The Gordon Setter!
The Gordon Setter is a sturdily built, well muscled breed that projects capability
of working tirelessly in the field with its master. Its head is deep with a
good-sized skull. It has drooping ears which are carried close to the head
and fair sized eyes that come out oval in shape rather than round. Its tail
is short and straight, the placement of which is important for correct carriage.
A Gordon Setter’s coat is soft and shining which can be straight or slightly
waved but not curly. It is said to have originated in Scotland and was named
after the fourth Duke of Gordon who popularized the breed in the early 19th
century. The Gordon is heavier than other Setters and has a distinctive color.
Some Quick Facts:
Not great for apartments.
Daily 30 minute walk. Needs to stay on leash.
23 to 27 inches
50 to 80 pounds
Standard Hair Colors:
Black with tan markings either of rich chestnut or mahogany color on the head.
National breed club:
The Gordon Setter Club of America
Gordon Setter Skills
Initially bred as bird dogs, the Gordon Setter is a methodical hunter who has excellent bird sense. It quickly became popular as companion dogs, show dogs and competitors for obedience and agility. It is not as fast as other hunting dogs but shows good stamina as it hunts even in adverse weather both on land and water. It is considered one of the finest one-man shooting dogs.
Gordon Setter Personality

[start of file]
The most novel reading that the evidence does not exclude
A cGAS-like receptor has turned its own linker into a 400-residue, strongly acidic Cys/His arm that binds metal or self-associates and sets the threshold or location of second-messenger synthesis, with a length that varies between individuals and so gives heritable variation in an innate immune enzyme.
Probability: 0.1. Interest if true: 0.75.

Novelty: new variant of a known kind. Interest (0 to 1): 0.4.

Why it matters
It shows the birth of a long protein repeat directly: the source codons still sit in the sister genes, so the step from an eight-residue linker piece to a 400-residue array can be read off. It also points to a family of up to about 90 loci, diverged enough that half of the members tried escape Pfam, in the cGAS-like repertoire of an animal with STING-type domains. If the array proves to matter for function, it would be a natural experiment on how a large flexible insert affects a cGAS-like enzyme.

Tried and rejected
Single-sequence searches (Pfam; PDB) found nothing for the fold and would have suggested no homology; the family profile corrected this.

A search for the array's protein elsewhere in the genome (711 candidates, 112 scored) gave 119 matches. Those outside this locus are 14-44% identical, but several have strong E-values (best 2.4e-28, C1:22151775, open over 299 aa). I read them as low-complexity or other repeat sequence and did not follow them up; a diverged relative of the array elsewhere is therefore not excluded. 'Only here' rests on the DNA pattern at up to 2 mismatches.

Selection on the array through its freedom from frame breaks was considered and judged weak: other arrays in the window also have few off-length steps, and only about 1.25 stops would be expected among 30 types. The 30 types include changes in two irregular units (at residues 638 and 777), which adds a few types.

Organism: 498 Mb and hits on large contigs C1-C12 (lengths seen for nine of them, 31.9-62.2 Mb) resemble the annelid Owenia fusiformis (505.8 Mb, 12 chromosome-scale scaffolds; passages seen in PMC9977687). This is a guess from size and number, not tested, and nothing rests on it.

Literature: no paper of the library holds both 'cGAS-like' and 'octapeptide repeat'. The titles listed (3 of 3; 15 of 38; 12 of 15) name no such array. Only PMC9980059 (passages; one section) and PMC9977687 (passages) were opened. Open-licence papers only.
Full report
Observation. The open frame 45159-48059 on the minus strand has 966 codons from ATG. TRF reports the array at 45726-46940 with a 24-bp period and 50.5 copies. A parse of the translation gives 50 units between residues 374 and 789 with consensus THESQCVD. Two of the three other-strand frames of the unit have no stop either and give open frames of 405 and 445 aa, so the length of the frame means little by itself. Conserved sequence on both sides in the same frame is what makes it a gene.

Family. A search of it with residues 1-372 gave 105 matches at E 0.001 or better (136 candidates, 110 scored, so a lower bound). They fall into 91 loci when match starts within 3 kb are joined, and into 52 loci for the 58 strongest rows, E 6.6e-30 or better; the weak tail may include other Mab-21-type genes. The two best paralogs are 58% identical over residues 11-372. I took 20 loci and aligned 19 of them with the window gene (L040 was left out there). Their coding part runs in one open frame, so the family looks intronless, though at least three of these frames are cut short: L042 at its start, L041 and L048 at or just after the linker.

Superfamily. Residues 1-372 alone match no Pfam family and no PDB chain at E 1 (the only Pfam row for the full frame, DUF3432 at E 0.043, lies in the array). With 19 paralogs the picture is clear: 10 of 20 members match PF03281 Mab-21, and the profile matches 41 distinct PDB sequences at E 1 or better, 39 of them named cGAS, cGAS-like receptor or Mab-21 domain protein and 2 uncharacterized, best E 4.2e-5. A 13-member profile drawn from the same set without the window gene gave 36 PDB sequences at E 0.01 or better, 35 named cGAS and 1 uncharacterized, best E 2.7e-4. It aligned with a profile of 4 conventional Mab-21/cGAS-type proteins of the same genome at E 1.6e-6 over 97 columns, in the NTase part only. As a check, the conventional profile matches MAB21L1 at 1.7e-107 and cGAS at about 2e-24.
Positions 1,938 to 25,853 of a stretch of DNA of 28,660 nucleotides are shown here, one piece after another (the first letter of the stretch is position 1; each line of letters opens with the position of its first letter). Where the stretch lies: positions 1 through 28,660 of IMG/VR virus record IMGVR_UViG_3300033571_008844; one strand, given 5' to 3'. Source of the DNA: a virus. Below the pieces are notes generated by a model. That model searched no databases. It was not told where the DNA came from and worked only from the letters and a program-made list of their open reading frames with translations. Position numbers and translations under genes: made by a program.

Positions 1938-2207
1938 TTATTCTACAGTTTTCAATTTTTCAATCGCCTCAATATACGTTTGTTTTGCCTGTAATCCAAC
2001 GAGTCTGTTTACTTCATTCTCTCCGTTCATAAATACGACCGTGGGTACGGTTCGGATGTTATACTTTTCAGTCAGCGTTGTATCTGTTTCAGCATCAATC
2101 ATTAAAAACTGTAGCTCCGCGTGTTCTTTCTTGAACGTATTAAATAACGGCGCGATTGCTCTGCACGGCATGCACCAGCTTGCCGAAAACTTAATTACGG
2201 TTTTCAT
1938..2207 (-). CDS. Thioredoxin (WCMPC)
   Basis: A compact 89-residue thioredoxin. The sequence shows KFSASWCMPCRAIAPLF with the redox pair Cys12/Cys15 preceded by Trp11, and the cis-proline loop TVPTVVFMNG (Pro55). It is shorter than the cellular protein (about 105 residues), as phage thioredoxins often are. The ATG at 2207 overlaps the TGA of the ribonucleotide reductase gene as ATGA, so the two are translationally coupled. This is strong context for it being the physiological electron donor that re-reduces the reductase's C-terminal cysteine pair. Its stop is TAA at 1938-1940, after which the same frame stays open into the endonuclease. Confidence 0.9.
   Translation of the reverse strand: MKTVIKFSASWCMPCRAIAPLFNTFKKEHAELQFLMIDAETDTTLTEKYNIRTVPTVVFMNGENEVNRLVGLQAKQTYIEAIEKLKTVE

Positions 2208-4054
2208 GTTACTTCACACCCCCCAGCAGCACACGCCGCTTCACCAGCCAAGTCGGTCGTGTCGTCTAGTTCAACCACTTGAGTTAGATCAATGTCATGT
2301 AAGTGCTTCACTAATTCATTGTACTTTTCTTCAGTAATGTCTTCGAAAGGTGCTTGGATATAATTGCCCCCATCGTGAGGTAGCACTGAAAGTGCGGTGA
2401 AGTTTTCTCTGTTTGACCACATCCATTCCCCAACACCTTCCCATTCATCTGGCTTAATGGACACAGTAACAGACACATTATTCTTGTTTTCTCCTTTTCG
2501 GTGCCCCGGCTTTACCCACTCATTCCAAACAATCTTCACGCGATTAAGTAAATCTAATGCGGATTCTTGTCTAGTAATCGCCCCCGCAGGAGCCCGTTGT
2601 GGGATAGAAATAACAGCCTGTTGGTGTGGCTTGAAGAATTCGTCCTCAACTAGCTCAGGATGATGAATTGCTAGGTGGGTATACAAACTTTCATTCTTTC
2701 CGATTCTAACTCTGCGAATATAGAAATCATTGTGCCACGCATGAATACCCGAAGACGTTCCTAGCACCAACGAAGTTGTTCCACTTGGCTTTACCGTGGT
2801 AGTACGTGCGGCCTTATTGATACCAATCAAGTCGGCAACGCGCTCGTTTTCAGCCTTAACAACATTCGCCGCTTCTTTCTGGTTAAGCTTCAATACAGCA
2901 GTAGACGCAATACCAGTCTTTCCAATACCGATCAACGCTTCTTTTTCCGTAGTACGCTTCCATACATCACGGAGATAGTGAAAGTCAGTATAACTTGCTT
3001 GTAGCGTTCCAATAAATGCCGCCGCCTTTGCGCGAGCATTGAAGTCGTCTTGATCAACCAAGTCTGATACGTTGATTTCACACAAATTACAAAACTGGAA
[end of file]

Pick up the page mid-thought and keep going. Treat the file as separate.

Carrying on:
Gordon Setters are highly intelligent dogs, quick to learn and spot an advantage. They are alert, pleasant and exhibits exceeding loyalty to its masters. Their protective instinct towards young children is also evident especially when they are exposed to children at a young age. They “talk” through the various tones they use to express themselves. Heavy handed style obedience is not for this breed but is able to stand the signs of training.
Plenty of daily exercise is needed by a Gordon Setter to maintain its peak physical and mental condition. It stands to benefit from frequent on-leash walks. It should not be allowed to roam freely because of their natural tendency to put its nose on the ground. Its traffic sense is non-existent as it follows its strong hunting instinct.
Although Gordon Setters show the capability to adapt to a variety of living situations, apartment life is not recommended for this kind of breed. It is relatively inactive indoors and will do best in a home with at least a large, safely fenced yard. It particularly loves running freely. A Gordon who gets enough outdoor activity will remain calm indoors.
The soft silky coat of a Gordon Setter requires weekly brushing and combing to avoid malting and knotting. The nails as well as the hair on the bottom of the feet and between the toes should be regularly trimmed.
A Gordon Setter belongs to a generally healthy breed but may be prone to some health problems such as gastric torsion or bloat, hip dysplasia and hypothyroidism.
If you liked this dog…
...the English Setter would certainly interest you. It is also a popular sporting dog like the Gordon Setter which is widely used for hunting game birds. English Setters freeze into position with their bodies directed toward the hiding place of the birds.